Fueling the community’s economy, one small business at a time | SteamboatToday.com

Fueling the community’s economy, one small business at a time

Yampa Valley Bank has funded nearly $40 million to 564 local businesses during the COVID-19 pandemic

By Lauren Glendenning
Brought to you by Yampa Valley Bank
About Yampa Valley Bank

As the only locally owned bank in Moffat County and Routt County, Yampa Valley Bank believes it has a responsibility to support local communities. As our nation, state, and communities continue to be impacted by the Covid-19 pandemic, Yampa Valley Bank remains focused on how it can best fulfill its duties as a community bank. For more information, visit YVB’s website at http://www.yampavalleybank.com.

When the effects of the COVID-19 pandemic reached the Steamboat economy, Yampa Valley Bank stepped in to do what it does best: support the local businesses that are the heart and soul of our community.    

The bank’s loan department worked tirelessly to secure loans for customers seeking assistance from the Small Business Administration’s Paycheck Protection Program, which the federal government passed in April. While PPP was the result of a national crisis, it was also the kind of work they were already accustomed to as a community-focused bank.

“As relationship bankers and dedicated members of the Steamboat Springs community, we do everything we can to protect the vibrancy of our small businesses,” said PJ Wharton, President and CEO at Yampa Valley Bank, “which serve as the economic engines of our local economy.”

‘The hometown bank’

The Steamboat Springs community has ranked Yampa Valley Bank as Best Bank of the ‘Boat for 8 years running.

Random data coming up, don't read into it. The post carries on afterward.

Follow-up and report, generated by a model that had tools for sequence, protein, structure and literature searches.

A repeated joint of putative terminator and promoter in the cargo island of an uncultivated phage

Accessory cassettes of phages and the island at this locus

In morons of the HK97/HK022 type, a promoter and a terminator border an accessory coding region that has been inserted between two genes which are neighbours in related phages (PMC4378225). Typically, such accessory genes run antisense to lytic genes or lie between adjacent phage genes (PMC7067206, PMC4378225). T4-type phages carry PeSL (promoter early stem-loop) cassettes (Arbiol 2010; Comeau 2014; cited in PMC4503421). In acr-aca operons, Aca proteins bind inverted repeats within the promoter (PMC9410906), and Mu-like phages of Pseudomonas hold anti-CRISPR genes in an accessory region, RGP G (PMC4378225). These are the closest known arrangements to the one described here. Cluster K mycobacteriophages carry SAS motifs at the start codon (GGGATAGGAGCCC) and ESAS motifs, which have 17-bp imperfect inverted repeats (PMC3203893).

By prioritizing the needs of those who live, work, play and raise families here, Yampa Valley Bank is serving friends and neighbors as well as customers. The bank also gets to see its economic impact remain right here in the community.

“As the hometown bank, we believe we have a responsibility to support our communities,” Wharton said. “Yampa Valley Bank is proud of our ability to serve the Steamboat Springs community in a way that the large banks cannot.”

That’s because every dollar that comes into Yampa Valley Bank remains right here in the valley. The bank also works hard to understand every customer’s unique financial situation.

Independent Community Bankers of America President and CEO, Rebeca Romero Rainey, said community banks provide more than half of the nation’s small business loans, and by prioritizing the needs of their local customers, they can quickly adapt and respond during times of crisis.

The faces behind the numbers

In total, Yampa Valley Bank funded $39.7 million to 564 local businesses. The average Yampa Valley Bank PPP Loan was $70,000.

The bank’s adaptability and personalized service helped Yampa Valley Bank’s customers weather the storm with a little less stress. Chris Gander, of Moe’s Original BBQ, said Yampa Valley Bank helped him keep his staff employed and eliminated pandemic-associated panic.

Justin Keys, owner of The Barley, agreed that the loan funded by the bank allowed him to bring his team back on staff and receiving paychecks.

“In a world of so much stress, it was nice to not have to worry about the team,” he said.

The bank was also able to donate $53,000 in April to LiftUp of Routt County and the Inter-Faith Food Bank of Moffat County thanks to a purchase-match program in partnership with local restaurants.

“We encouraged people to eat out and support the restaurants we know and love in the community, and that money was matched by the bank to raise donations to the local food banks,” Chrissy Kunkel, Marketing Administrator at Yampa Valley Bank said. “This is another example of the importance of community banking — being able to pull that money from our marketing budget at the last minute and put it toward this campaign for an important cause.”

Nonprofits also benefited from the PPP Loans. Integrated Community Executive Director, Nelly Navarro, said Yampa Valley Bank’s level of commitment and understanding of the community’s needs was impressive.

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